Finally, after the cap for Tier 2 (General) was exceeded for the sixth month in a row in May, the Government appears to be accepting that something needs to be done.
The reality, which is borne out by the many conversations that we are having with our clients, is that the UK has become a less attractive destination for EU workers due to the continued uncertainty caused by Brexit. Consequently, faced with a shortage of the required skills in the local labour market, companies are having to source individuals with the required skills from outside the EU, which is putting increased pressure on the Tier 2 (General) limit, which applies to non-EU nationals living outside the UK which companies wish to sponsor to work in the UK.
It will be interesting to see what steps the Government will take to address the difficulties that companies are having in sponsoring non-EU nationals to fill skilled vacancies in the UK. It is unlikely to raise the Tier 2 (General) cap, which is currently set at 20,700, as that could be seen as running contrary to the Conservative's pledge to reduce net migration to below 100,000.
One solution could be, for example, since the NHS is currently struggling to bring in doctors under the cap, the Government could decide to add all doctor jobs to the Shortage Occupation List. This would mean that these positions would move to the top of the ranking system which applies when the cap is exceeded and they would certainly then be issued with Certificates of Sponsorship (CoSs) (essentially work permits) under the Tier 2 (General) limit. However, this would put pressure on other sectors of the economy as it would effectively increase the minimum salary that employers would have to pay to bring individuals into the UK to fill vacancies which are not on the Shortage Occupation List.
When the cap is exceeded those roles on the Shortage Occupation List are issued with CoSs first and the remaining applications are ranked mainly according to salary. This has meant that, although the minimum annual salary for Tier 2 (General) is technically £30,000, in order to be issued with a CoS under the cap in May, the position had to attract an annual salary in excess of £55,000. Consequently, if more CoSs were issued for jobs on the Shortage Occupation List, less CoSs would be available for the remaining positions which would result in the minimum salary being pushed even higher.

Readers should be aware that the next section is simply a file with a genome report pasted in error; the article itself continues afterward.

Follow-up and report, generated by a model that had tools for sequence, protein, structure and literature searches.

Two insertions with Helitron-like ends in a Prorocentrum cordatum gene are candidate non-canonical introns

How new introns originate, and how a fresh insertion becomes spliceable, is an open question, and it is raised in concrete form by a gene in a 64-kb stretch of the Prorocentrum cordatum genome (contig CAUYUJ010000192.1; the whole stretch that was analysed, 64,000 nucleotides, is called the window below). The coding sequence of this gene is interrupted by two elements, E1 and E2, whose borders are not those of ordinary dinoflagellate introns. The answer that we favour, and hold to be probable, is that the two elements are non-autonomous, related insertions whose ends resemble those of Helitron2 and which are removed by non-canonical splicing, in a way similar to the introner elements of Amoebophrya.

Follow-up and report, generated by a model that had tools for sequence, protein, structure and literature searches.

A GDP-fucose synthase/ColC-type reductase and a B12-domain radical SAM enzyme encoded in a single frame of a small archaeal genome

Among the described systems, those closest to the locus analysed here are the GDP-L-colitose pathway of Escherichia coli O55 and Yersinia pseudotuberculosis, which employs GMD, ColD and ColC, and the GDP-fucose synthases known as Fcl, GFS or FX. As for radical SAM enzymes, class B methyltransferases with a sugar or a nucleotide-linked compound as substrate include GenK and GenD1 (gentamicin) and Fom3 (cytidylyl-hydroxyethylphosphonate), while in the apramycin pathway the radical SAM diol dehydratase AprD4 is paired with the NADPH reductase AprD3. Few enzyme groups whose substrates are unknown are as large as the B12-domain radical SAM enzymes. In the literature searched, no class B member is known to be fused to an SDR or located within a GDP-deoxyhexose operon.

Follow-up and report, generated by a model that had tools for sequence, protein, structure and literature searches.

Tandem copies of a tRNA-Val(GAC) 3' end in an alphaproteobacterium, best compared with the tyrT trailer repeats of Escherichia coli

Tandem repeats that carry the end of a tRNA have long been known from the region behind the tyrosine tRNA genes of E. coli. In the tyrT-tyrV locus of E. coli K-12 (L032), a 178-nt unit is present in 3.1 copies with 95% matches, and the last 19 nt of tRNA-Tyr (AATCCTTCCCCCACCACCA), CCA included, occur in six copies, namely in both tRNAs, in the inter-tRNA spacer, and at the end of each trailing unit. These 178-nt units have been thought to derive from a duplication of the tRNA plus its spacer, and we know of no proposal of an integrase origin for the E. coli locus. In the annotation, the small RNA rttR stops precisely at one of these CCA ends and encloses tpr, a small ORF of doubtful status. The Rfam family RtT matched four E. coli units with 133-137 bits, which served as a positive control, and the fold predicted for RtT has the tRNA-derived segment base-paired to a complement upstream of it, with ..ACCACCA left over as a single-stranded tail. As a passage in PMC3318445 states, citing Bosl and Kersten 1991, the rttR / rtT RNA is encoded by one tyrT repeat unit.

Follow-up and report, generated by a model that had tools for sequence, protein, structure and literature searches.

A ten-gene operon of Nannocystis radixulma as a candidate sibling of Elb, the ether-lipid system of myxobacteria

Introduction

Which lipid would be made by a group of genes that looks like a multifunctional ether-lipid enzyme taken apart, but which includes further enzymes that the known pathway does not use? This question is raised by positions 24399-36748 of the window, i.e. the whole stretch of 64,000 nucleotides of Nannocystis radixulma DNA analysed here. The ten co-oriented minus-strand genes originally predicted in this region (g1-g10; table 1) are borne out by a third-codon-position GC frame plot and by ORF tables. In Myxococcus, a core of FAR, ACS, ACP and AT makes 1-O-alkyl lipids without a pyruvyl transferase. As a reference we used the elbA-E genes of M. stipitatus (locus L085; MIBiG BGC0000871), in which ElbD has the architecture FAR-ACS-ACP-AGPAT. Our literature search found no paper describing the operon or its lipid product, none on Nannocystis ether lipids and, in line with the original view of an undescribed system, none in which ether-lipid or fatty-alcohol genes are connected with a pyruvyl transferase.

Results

Alternatively, the Government could remove medical positions from the cap entirely. However, there is no guarantee that this would reduce pressure on the cap since, if the vast majority of these roles attracted salaries of less than £55,000, it would not actually bring down the minimum salary level required for a successful application under the cap. In addition, other industries may query why it is only the NHS which is being prioritised. There are other sectors which are, arguably, equally as important to the UK as a whole, particularly economically, which are also struggling to fill skilled vacancies. Companies in these sectors would therefore also like jobs in their fields to be excluded from the cap.
There therefore does not appear to be a simple solution to this issue, beyond increasing the cap. Unfortunately, since the Government is currently receiving applications for double the amount of CoSs available under the cap, the increase that would be required may be above what the Government is prepared to countenance whilst still being bound by a pledge to reduce migration to the UK.
It remains to be seen what steps the Government will take to address an issue which is affecting both the private and public sectors, and, if it is not resolved, could end up putting a brake on UK economic growth.